Leucoagaricus leucothites was formerly called Leucoagaricus naucinus and with the state of flux in taxonomy at present, it might have another name next year. It is a mushroom of worldwide distribution, widely known as an edible species but often recommended as a species to be avoided because it shares so many features with a couple of deadly Amanitas. For this reason nobody should attempt to eat these unless they are completely confident in being able to distinguish an Amanita.
I spotted the specimens above by the side of the road, which is a common place to find them. The caps are bright white with a satin texture. The shape of the large specimen in the picture is characteristic of this species. The underside features a hollow stem that widens a little at the base, but does not have a sac or volva like Amanita or Volvopluteus. The gills are at first white but darken a little at maturity. The spore print is bright white.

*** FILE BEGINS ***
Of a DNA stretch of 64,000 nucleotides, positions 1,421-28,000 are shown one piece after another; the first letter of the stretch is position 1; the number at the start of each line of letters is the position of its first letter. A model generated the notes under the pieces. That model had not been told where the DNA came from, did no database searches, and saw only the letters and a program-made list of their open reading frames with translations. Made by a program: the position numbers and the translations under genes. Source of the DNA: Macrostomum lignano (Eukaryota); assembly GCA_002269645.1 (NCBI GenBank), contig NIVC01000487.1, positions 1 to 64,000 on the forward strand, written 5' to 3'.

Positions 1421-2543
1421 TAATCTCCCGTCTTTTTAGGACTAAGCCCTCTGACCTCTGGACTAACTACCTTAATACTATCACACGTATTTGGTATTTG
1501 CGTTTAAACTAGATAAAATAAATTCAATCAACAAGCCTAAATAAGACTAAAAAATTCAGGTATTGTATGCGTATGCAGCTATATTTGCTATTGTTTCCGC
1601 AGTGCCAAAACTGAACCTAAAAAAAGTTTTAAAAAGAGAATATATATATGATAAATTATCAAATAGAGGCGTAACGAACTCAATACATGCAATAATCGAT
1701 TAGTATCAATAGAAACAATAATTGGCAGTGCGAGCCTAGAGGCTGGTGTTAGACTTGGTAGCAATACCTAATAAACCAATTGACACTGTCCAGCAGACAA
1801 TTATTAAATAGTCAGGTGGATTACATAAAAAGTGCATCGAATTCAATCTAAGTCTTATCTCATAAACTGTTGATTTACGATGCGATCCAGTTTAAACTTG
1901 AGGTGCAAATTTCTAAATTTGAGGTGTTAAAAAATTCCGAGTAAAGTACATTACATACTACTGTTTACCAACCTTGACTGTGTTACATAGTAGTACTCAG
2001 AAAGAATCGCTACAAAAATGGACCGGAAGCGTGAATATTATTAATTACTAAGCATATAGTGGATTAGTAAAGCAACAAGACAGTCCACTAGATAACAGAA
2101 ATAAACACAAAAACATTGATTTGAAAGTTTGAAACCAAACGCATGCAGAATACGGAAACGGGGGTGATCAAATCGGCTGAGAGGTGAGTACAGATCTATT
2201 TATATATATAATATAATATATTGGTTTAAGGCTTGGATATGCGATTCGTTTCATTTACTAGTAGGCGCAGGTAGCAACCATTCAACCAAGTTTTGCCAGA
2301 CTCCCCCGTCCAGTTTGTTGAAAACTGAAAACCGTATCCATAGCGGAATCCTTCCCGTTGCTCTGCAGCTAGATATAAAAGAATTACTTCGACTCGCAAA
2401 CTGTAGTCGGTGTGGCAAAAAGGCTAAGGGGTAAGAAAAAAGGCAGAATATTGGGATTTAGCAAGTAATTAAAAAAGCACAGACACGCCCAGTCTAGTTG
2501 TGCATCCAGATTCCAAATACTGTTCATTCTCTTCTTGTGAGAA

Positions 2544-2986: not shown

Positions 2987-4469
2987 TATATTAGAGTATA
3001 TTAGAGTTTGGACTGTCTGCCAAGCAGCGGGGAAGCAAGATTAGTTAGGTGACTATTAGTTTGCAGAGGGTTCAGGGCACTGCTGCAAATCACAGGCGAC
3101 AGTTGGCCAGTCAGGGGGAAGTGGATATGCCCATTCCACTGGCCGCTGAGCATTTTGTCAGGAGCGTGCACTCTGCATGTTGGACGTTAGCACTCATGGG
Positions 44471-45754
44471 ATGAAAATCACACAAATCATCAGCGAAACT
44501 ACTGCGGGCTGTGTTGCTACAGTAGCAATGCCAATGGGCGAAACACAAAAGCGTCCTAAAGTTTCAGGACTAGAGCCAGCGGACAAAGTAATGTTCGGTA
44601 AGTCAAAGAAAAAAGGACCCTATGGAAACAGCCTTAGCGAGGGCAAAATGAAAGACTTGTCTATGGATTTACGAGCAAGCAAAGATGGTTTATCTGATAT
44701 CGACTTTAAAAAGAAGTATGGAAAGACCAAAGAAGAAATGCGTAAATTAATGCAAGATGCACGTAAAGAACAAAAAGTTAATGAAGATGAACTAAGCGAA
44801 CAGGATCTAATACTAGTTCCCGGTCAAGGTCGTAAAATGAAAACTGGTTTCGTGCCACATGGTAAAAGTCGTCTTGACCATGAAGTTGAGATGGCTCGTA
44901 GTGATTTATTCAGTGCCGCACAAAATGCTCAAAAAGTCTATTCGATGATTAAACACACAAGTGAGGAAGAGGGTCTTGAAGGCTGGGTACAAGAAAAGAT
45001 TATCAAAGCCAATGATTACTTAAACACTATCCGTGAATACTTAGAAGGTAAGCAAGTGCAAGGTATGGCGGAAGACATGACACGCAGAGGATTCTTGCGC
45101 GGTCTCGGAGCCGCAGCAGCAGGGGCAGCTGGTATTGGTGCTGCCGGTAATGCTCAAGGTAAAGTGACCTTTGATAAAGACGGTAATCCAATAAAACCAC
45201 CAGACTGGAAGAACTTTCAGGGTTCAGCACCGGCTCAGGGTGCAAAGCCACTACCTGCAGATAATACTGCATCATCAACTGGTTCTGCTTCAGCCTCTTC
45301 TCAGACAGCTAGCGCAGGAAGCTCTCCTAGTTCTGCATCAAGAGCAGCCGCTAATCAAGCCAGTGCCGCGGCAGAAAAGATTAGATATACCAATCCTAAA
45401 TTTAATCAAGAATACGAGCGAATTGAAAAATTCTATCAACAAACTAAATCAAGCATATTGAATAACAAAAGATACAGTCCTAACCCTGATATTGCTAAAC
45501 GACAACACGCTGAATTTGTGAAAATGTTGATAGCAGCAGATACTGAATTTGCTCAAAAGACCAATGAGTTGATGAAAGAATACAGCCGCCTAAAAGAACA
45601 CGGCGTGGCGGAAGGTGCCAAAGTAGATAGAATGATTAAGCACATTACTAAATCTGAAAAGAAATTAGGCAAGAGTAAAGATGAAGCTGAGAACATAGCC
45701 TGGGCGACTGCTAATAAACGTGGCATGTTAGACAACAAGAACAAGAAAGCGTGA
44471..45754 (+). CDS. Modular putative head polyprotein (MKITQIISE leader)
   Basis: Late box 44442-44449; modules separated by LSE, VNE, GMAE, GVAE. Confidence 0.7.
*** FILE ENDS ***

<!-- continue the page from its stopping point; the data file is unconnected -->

It is always a little scary eating something new but even more so when it is something with white gills and a white spore print. Nevertheless, after much checking and re-checking I fried some up and did a taste test. From descriptions elsewhere I had expected something more; it tasted just like Volvopluteus gloiocephalus. The mature specimen even looks a little like Volvopluteus.
One can only wonder how species like this manage to spread so far and wide. Apparently the spores of this one germinate very readily in a wide range of media so perhaps that has something to do with it. Anyway, another of our introduced species that is edible for what it is worth.